Following cardiac arrest, it is suggested that targeted temperature management (TTM) be implemented; however, the duration to reach the target temperature differs from clinic to clinic. Specifically, researchers hypothesized that patients who achieved hypothermia more quickly would have better results than those who took longer to reach the goal temperature of 33°C compared to normothermia. Out-of-hospital cardiac arrest patients were randomly assigned to either targeted hypothermia (33°C), followed by controlled re-warming, or normothermia with early treatment of fever (body temperature,≥37.8°C) in this post-hoc analysis of the TTM-2 experiment. To this end, they tallied up each site’s average temperature at the 4 h (240 min) return of spontaneous circulation (ROSC). A 6-month all-cause mortality rate was the primary endpoint. At 6 months, a poor functional result was a secondary outcome (score of 4–6 on the modified Rankin scale).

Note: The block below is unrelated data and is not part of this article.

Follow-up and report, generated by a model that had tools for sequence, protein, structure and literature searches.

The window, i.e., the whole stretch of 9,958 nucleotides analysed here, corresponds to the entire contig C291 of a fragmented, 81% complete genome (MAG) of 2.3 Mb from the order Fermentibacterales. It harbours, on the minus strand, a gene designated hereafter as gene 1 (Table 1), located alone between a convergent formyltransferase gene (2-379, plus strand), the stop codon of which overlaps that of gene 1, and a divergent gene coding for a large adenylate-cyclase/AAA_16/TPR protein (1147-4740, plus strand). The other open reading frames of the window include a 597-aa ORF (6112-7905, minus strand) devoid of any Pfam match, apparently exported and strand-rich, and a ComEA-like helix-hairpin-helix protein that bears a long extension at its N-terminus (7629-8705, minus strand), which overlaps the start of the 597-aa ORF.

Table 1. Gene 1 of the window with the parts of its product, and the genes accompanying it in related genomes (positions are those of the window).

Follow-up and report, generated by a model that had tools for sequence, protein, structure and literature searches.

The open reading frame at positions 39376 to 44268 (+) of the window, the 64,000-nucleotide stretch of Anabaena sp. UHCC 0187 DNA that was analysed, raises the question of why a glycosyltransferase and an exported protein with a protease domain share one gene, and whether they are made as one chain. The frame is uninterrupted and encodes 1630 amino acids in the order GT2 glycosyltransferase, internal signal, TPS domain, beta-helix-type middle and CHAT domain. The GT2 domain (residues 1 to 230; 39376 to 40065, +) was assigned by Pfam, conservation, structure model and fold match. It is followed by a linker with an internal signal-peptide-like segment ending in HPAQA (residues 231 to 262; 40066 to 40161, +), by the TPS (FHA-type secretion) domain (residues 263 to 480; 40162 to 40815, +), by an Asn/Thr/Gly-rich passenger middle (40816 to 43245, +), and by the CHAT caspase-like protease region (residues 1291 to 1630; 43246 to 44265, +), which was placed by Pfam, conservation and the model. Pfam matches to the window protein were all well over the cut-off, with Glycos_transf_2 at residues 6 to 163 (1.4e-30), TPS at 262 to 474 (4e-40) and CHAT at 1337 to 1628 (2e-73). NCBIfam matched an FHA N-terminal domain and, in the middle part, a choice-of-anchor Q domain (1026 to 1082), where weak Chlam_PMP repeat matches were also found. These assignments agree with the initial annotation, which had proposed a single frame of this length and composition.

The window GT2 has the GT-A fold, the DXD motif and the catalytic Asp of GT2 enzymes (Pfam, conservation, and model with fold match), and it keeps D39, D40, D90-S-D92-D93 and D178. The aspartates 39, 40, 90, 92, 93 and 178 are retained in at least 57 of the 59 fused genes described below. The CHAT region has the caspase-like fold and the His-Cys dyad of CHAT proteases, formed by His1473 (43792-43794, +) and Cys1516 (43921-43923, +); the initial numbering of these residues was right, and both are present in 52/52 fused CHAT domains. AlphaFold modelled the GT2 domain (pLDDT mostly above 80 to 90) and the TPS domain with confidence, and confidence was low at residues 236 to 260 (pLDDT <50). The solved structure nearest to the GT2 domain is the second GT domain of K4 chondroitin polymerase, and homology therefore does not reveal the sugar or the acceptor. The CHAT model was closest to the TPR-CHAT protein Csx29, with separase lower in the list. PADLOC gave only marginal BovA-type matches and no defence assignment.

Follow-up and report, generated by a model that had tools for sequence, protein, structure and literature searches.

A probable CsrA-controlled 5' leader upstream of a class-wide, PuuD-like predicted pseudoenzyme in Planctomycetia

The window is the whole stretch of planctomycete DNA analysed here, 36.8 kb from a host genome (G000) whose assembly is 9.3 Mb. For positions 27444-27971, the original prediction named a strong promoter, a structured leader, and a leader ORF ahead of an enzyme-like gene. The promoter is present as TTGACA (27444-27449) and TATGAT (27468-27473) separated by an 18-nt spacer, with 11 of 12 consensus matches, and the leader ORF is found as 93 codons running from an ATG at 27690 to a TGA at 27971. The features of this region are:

The primary outcome was measured for 1,592 participants. There was no statistically significant difference in fatality rates between hospitals that reached their goal temperature faster and those that took longer on average (P=0.17). About 71 of the 145 patients (49%) who were assigned to hypothermia at the quickest sites had died, while only 68 of the 148 patients (46%) in the normothermia group had succumbed (relative risk with hypothermia, 1.07; 95% CI, 0.84-1.36). About 74/144 patients (51%) in the hypothermia group and 75/147 patients (51%) in the normothermia group had a poor functional outcome (relative risk with hypothermia 1.01 (95% CI 0.80-1.26).

The effect of TTM at 33 °C compared to normothermia and early treatment of fever was not substantially different when using a hospital’s average time to hypothermia.